Revealing the Neanderthal Legacy: Modern Humans Inherited More Than You Think

Primitive Humans Cavemen Neanderthals

A multi-institution research team, including Cornell University, used a new suite of computational genetic tools to examine how Neanderthal genes still actively influence human traits in people of non-African ancestry, revealing that certain Neanderthal genes significantly impact modern human immune systems and other traits. Analyzing nearly 300,000 UK Biobank datasets, they found 4,303 Neanderthal genetic variants affecting 47 distinct genetic traits, with modern human genes overall winning out over generations.

Recent scientific findings have revealed that Neanderthal DNA makes up between 1 and 4% of the genome in contemporary humans descended from ancestors who left Africa. However, it was unclear to what extent these genes continue to shape human traits – until now.

A multi-institution research team including Cornell University has developed a new suite of computational genetic tools to address the genetic effects of interbreeding between humans of non-African ancestry and Neanderthals that took place some 50,000 years ago. (The study applies only to descendants of those who migrated from Africa before Neanderthals died out, and in particular, those of European ancestry.)

In a study published in eLife, the researchers reported that some Neanderthal genes are responsible for certain traits in modern humans, including several with a significant influence on the immune system. Overall, however, the study shows that modern human genes are winning out over successive generations.

“Interestingly, we found that several of the identified genes involved in modern human immune, metabolic, and developmental systems might have influenced human evolution after the ancestors’ migration out of Africa,” said study co-lead author April (Xinzhu) Wei, an assistant professor of computational biology in the College of Arts and Sciences. “We have made our custom software available for free download and use by anyone interested in further research.”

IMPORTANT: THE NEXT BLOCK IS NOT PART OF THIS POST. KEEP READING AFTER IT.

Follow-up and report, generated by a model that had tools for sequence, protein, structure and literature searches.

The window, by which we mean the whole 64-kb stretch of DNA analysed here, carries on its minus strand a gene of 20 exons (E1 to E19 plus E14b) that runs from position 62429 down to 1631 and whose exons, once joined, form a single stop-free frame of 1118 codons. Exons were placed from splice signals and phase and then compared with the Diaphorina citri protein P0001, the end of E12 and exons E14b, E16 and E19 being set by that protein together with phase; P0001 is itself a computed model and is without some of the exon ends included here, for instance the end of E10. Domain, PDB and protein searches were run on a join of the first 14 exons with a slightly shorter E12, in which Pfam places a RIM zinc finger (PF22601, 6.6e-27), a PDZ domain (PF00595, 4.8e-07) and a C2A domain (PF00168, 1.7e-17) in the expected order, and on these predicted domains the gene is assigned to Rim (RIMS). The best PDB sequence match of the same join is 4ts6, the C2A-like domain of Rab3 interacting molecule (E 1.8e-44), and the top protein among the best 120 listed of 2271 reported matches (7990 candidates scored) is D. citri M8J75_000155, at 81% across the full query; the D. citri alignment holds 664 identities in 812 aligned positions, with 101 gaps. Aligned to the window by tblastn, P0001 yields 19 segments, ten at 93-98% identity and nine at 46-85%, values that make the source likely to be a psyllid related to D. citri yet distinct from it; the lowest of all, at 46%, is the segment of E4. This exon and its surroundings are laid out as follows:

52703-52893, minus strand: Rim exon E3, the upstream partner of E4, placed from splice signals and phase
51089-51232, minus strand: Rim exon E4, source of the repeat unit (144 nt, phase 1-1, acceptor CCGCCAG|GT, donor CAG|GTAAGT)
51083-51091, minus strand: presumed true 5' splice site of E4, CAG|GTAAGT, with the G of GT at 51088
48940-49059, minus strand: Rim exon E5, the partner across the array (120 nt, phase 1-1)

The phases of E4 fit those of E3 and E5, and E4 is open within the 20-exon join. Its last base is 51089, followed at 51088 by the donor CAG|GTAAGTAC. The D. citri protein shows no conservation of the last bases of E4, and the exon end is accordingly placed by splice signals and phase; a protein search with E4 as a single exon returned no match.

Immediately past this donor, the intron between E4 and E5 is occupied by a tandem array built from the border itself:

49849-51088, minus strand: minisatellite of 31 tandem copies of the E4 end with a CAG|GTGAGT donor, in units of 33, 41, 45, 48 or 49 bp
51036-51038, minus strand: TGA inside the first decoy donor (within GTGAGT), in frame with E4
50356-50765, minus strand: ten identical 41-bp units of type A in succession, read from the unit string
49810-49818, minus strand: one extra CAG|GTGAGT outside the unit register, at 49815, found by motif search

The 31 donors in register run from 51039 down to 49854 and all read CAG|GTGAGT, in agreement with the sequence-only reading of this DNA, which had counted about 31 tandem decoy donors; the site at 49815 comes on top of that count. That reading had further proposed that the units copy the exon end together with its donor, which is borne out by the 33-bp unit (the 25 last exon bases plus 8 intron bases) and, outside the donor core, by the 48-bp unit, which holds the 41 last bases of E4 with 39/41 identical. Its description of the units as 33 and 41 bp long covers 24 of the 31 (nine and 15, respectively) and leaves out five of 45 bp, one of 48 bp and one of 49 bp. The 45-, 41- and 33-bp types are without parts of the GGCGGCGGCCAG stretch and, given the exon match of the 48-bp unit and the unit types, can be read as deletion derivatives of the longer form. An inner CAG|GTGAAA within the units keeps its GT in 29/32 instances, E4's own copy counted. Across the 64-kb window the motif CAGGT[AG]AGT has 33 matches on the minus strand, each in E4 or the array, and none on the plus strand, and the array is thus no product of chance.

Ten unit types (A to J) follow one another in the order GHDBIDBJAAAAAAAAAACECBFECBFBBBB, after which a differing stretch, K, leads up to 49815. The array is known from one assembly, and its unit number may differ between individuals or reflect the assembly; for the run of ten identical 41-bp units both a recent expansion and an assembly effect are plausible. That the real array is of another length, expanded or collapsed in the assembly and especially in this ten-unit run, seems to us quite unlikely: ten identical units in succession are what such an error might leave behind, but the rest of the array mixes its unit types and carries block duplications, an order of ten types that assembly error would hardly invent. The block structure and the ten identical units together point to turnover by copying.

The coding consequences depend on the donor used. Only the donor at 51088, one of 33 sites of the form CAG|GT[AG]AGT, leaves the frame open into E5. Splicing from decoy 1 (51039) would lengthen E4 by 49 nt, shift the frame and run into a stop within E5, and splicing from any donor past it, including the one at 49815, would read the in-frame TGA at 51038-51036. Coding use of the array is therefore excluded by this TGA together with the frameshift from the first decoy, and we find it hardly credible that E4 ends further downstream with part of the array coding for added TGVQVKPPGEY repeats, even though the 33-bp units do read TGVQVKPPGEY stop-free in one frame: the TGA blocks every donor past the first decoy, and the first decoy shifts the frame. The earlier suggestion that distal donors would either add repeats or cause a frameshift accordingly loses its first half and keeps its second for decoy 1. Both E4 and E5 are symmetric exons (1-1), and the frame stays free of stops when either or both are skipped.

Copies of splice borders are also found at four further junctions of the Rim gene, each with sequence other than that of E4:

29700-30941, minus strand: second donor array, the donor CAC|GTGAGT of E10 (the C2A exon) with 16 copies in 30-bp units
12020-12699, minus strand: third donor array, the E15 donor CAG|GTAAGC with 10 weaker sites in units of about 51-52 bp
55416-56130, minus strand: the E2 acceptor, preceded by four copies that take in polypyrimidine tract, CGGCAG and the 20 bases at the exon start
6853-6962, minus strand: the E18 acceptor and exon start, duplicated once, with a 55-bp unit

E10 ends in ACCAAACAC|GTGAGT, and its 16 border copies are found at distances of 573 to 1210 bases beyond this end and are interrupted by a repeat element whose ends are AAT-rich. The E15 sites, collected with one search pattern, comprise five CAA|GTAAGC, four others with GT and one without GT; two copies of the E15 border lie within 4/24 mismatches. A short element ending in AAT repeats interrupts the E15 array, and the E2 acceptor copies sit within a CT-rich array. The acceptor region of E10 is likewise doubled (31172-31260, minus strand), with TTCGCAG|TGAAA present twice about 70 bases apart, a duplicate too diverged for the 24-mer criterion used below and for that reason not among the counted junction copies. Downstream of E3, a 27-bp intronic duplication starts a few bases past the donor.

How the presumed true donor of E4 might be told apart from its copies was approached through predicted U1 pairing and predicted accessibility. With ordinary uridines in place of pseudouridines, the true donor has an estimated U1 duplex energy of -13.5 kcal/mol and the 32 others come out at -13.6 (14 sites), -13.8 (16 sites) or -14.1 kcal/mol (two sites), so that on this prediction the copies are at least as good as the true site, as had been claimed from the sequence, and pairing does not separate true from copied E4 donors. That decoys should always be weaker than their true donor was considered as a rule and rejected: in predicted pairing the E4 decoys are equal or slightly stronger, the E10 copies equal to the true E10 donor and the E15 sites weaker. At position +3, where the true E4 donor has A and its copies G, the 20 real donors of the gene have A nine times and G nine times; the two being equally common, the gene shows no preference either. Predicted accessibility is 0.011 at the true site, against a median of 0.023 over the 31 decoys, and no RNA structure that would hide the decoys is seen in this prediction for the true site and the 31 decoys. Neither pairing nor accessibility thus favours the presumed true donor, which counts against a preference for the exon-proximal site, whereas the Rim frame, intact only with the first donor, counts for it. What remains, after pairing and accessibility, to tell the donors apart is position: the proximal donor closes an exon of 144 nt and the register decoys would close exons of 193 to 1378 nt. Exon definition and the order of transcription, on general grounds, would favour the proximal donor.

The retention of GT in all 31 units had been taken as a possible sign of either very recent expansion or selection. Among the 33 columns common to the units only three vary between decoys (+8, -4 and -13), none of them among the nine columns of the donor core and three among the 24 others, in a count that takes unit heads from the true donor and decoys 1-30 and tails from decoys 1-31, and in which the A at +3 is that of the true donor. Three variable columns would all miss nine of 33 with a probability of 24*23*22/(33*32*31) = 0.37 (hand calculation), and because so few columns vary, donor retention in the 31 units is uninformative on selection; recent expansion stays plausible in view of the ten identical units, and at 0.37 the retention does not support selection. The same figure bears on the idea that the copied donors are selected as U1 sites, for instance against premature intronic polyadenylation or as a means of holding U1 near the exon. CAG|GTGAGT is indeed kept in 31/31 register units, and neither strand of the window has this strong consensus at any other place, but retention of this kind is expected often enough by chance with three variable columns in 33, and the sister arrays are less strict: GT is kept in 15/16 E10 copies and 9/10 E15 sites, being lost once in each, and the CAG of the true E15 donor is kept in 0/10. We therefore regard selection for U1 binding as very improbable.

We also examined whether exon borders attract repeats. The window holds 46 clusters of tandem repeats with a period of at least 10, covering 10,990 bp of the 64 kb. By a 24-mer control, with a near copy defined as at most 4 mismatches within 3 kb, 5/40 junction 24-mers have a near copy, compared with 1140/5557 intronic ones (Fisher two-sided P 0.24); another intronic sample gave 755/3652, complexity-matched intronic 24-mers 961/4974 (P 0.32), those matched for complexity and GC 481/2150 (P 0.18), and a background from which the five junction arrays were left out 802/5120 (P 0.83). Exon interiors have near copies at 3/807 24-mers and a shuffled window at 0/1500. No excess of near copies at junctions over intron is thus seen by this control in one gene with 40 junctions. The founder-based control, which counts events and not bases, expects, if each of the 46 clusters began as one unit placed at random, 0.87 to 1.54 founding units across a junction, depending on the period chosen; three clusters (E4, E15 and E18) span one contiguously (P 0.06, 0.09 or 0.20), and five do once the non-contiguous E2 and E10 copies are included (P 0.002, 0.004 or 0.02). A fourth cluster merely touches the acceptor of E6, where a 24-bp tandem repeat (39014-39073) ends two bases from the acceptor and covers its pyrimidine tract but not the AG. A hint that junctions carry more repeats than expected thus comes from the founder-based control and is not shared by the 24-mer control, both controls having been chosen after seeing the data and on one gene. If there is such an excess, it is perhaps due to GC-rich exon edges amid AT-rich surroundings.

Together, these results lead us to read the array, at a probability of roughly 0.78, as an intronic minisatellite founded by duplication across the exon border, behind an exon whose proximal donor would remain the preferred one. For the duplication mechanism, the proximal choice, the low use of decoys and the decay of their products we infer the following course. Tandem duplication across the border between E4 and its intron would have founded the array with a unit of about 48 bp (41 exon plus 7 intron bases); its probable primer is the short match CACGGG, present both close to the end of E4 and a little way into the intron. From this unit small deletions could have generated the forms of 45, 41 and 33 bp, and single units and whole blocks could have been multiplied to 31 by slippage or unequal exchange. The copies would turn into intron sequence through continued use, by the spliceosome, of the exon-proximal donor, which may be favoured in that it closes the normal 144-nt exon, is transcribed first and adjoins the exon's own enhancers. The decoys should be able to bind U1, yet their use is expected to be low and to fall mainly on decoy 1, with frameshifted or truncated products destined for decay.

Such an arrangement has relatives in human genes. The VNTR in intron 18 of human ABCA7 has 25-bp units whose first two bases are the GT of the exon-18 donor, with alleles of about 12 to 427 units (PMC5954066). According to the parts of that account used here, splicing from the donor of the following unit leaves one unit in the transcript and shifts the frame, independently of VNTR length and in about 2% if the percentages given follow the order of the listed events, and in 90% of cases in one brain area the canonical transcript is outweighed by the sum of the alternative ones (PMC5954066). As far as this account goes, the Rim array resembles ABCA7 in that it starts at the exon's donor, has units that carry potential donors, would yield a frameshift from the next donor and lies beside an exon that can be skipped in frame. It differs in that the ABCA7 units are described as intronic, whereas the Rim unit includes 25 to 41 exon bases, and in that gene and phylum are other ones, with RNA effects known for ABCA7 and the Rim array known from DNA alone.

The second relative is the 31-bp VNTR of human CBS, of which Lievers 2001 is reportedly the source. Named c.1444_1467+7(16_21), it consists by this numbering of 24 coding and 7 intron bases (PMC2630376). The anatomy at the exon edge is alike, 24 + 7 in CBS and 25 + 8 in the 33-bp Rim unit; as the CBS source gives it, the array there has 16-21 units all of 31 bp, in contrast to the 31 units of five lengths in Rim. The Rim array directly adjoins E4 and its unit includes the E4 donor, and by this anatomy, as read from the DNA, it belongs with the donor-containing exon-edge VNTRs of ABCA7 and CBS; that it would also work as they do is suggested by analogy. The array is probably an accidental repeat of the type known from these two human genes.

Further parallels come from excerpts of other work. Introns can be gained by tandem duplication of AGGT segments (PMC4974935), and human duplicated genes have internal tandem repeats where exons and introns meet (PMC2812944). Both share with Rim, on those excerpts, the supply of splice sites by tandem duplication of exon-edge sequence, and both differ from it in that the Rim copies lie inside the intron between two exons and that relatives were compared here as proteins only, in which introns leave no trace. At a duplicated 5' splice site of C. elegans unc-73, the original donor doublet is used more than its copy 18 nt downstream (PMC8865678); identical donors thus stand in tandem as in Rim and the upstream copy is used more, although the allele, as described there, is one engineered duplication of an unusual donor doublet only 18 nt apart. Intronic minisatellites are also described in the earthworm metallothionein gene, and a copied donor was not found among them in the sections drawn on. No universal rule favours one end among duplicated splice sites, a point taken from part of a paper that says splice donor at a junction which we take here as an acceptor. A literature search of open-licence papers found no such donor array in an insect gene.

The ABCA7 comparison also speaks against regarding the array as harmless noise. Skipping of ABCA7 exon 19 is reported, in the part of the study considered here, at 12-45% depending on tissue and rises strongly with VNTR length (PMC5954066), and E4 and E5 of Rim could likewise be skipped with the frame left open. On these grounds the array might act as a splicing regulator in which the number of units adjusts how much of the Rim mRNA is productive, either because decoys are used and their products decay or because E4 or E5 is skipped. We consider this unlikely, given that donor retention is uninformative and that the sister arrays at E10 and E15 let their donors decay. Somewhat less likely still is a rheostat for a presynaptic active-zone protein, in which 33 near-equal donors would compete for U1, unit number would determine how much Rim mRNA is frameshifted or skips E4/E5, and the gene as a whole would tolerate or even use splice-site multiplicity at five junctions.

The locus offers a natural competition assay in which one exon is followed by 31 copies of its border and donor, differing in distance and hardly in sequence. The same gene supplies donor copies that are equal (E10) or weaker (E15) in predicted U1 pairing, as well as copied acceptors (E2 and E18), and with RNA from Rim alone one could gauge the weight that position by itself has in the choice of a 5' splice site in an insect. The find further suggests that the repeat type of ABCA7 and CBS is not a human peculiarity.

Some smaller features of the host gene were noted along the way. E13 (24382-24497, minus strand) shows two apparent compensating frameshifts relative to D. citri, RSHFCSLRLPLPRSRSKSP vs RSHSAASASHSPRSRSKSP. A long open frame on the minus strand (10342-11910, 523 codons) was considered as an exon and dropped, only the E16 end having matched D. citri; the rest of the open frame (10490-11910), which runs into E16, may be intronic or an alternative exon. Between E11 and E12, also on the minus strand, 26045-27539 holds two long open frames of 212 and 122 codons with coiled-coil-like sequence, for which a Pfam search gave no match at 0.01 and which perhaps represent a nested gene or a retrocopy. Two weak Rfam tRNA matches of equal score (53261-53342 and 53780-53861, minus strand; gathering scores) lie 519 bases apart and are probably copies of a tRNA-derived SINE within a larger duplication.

Using a vast dataset from the UK Biobank consisting of genetic and trait information of nearly 300,000 Brits of non-African ancestry, the researchers analyzed more than 235,000 genetic variants likely to have originated from Neanderthals. They found that 4,303 of those differences in DNA are playing a substantial role in modern humans and influencing 47 distinct genetic traits, such as how fast someone can burn calories or a person’s natural immune resistance to certain diseases.

Unlike previous studies that could not fully exclude genes from modern human variants, the new study leveraged more precise statistical methods to focus on the variants attributable to Neanderthal genes.

While the study used a dataset of almost exclusively white individuals living in the United Kingdom, the new computational methods developed by the team could offer a path forward in gleaning evolutionary insights from other large databases to delve deeper into archaic humans’ genetic influences on modern humans.

“For scientists studying human evolution interested in understanding how interbreeding with archaic humans tens of thousands of years ago still shapes the biology of many present-day humans, this study can fill in some of those blanks,” said senior investigator Sriram Sankararaman, an associate professor at the University of California, Los Angeles. “More broadly, our findings can also provide new insights for evolutionary biologists looking at how the echoes of these types of events may have both beneficial and detrimental consequences.”

Reference: “The lingering effects of Neanderthal introgression on human complex traits” by Xinzhu Wei, Christopher R Robles, Ali Pazokitoroudi, Andrea Ganna, Alexander Gusev, Arun Durvasula, Steven Gazal, Po-Ru Loh, David Reich and Sriram Sankararaman, 20 March 2023, eLife.
DOI: 10.7554/eLife.80757

The research was supported by grants from the National Institutes of Health and the National Science Foundation, with additional funding from an Alfred P Sloan Research Fellowship and a gift from the Okawa Foundation. Other authors received funding support from the Paul G. Allen Frontiers Group, the John Templeton Foundation, the Howard Hughes Medical Institute, the Burroughs Wellcome Fund, and the Next Generation Fund at the Broad Institute of MIT and Harvard.

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